Cioccolatitaliani, ltaly’s “Starbucks”
Vincenzo Ferrieri, CEO of Cioccolatitaliani is 33 years old. He is part of a new generation of skilled Italian entrepreneurs that wants to put the focus on teamwork. As of today, he has won over more than four million customers with a new kind of “chocolate experience.” For nine years now, Ferrieri has been at the helm of a company that aims to be a brand recognized for its quality internationally, exporting a new restaurant format. A graduate of Bocconi University, he opened the first flagship in Milan in 2009, and, today, he has 33 stores in seven countries, with turnover of more than 48 million euros, and an EBITDA greater than 15%.
His company employs about 680 people, 40% of whom are women (70% of store managers are female). In 2016, the company launched the From Bean To Bar Live initiative, creating an actual open chocolate factory allowing the client to see all phases of production, from the cocoa bean to the chocolate bar. Recently, the company entered into a structured-finance agreement with Banca Ifis, raising five million euros to be dedicated exclusively to the opening of new stores. His objective? To remain a retail company, with 80% of stores outside of Italy, and to manage new brands. His dream? To make Cioccolatitaliani the “Starbucks” of Italy.
How did Cioccolatitaliani get its start?
The company began in 2009 with the idea of entering into the gelato industry. Nine years ago, was the era of Grom, and this is the model I aspired to. The seasonal nature of gelato scared me so I decided to create a chocolate brand that would be a gelateria, pastry shop, coffee shop, and a restaurant with a focus on design. It all began in Via De Amicis in Milan where I opened my first shop in what had been a McDonald’s.
With this very experiential and innovative — for that time period — space, I began to pick up on the big market trends—cooking classes, the concept of “Made in Italy,” and the value of authenticity as a new kind of luxury.
What made you want to be an entrepreneur?
I come from a family of entrepreneurs. I have it in my DNA. I was tired of my last job so I decided to invest in food, making the most of my family’s expertise in the pastry field.
What was the food market like when you began?
Today, the food market is booming, but the situation was different in 2009. Eataly had just started and nobody was talking about Expo yet. Cioccolatitaliani was first in paying attention to aesthetics and creativity beyond mere substance. In the last few years, restaurants have become more about culture, and the chocolate world is kind of like the wine world twenty years ago, so there is definitely room for things to evolve. From the beginning,
Cioccolatitaliani stood out on the market for using very high-quality ingredients, like the 100% fino de aroma chocolate from the criollo and trinitario varieties, and its attention to detail, from the logo to the packaging.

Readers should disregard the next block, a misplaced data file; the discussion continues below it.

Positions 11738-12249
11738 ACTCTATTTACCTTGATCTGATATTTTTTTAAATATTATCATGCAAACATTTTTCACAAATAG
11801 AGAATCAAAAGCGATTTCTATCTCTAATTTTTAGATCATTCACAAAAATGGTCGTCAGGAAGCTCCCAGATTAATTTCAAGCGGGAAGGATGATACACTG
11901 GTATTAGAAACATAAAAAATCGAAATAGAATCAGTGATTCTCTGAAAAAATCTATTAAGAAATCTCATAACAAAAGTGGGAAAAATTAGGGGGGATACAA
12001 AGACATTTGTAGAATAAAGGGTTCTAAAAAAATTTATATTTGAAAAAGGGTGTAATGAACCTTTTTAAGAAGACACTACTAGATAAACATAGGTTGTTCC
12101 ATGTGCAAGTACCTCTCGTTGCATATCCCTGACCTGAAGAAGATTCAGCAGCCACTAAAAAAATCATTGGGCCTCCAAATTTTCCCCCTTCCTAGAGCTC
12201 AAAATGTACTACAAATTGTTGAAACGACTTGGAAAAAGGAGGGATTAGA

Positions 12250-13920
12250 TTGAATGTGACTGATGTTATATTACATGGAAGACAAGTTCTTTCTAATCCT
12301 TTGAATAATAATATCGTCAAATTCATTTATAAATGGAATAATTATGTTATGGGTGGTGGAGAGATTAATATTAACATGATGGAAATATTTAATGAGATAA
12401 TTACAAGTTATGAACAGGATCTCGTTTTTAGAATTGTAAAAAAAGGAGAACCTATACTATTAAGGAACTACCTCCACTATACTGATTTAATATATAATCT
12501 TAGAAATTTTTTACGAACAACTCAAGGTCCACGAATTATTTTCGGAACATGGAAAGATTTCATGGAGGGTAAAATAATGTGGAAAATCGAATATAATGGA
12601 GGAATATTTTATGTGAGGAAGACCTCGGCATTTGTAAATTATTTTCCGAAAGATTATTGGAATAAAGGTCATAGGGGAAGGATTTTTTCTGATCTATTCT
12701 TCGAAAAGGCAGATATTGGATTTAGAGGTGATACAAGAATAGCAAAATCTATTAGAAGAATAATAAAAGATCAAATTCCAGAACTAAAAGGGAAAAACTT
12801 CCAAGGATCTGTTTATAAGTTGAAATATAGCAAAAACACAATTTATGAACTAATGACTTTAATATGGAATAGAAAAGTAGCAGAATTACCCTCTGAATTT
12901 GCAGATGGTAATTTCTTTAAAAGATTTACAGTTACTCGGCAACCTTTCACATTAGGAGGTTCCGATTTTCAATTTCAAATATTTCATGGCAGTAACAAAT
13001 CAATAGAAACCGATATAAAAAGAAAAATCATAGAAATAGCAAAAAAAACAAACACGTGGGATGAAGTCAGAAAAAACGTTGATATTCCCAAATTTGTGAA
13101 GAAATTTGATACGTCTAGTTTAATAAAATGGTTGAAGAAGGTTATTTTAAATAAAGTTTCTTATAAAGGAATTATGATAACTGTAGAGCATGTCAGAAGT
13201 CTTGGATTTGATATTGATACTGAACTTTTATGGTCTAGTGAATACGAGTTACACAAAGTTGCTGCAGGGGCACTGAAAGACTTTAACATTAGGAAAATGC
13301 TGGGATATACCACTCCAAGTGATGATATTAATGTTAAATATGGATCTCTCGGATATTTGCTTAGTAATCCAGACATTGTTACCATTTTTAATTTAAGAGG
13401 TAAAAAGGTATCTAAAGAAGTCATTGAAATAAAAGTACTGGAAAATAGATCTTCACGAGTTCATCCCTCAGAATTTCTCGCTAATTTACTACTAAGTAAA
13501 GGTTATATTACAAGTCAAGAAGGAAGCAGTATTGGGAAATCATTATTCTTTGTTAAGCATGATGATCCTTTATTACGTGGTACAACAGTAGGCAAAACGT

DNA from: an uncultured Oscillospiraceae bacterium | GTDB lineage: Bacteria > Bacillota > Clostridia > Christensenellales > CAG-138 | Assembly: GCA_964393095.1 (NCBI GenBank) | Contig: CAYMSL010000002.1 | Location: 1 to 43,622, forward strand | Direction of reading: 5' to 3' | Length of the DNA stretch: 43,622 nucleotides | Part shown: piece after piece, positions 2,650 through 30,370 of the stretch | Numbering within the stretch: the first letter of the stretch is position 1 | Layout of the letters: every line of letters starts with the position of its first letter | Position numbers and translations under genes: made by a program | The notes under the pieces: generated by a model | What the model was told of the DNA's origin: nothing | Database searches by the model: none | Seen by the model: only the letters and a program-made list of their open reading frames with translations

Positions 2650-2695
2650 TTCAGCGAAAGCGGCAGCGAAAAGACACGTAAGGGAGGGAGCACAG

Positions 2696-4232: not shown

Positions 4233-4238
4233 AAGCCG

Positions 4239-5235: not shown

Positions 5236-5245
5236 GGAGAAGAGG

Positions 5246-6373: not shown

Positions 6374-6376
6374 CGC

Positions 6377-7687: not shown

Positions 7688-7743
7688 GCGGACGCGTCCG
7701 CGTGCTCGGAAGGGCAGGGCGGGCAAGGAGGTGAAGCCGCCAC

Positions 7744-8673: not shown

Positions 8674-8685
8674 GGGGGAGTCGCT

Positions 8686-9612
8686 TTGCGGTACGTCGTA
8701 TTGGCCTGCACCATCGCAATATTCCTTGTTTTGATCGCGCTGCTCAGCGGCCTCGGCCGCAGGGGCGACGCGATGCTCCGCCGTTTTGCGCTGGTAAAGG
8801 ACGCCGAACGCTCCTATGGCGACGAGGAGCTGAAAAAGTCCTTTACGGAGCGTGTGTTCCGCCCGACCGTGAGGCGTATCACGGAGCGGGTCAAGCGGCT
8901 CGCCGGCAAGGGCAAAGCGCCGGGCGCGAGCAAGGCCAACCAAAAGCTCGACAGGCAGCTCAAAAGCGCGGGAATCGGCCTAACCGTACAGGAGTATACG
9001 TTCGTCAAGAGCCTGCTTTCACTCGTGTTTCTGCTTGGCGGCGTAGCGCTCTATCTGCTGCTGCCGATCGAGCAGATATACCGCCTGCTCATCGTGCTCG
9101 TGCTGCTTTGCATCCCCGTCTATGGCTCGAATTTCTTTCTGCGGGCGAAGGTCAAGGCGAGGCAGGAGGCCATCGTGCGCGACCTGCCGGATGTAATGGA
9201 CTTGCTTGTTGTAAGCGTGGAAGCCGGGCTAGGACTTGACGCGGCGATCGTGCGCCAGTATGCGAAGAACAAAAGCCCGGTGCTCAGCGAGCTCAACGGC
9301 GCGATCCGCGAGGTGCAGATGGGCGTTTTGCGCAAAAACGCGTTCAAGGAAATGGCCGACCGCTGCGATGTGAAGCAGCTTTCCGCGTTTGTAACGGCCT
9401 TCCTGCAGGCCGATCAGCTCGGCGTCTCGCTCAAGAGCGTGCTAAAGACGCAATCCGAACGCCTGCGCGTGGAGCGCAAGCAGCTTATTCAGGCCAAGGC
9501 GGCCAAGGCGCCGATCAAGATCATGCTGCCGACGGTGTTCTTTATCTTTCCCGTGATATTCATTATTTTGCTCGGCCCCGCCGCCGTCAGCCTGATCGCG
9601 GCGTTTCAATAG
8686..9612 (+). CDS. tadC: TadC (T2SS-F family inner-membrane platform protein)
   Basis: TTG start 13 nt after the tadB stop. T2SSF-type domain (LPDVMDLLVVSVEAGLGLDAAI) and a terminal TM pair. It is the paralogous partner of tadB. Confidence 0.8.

What is lacking in this industry?
The desire to work as a team. I’m very much for working together: sharing experiences and advice among businesspeople can be very important. Today, in food retail, there’s a new generation that is very open and ready to have a dialogue. I have a lot of respect for
Antonio Civita, the owner and CEO of Panino Giusto, who has also recently founded the Accademia del Panino Italiano. I find him to be very knowledgeable and an example to be followed for anyone who wants to work in this field.
What was the turning point for Cioccolatitaliani?
We were very successful the first year, but the true turning point for the company was when we opened the second shop right behind Milan’s Duomo near Luini (a famous “panzerotteria” in the city). That was when I decided to create a company and invest in the structure. Over the following eight years, we opened 31 stores in seven countries. For me, that second store represented the value of the company and is still today strategically important, both in terms of being a showcase as well as in terms of turnover. It is an entree to the international market, allowing us to understand how interested foreign agents might be.
Let’s talk numbers…
The initial investment to open the first shop was 800,000 euros — 50% was our money and 50% came from a bank loan. Since 2009, we’ve been seeing double-digit growth, and 2016 was the turning point for us. In terms of our earnings, 95% comes from selling chocolate, coffee, gelato, and pastry products. The turnover for the chain in 2018 is around 48 million euros, and we are going to close the year with an EBITDA between 15% and 16%. Recently, we carried out an extraordinary finance operation with Banca Ifis, which made five million available to us. This money is to be used exclusively for opening new stores. I think that we are the first case of a SME doing such a restrained structured-finance operation. This proves that the company has the structure and culture to move to a higher level.
What is your strategy today?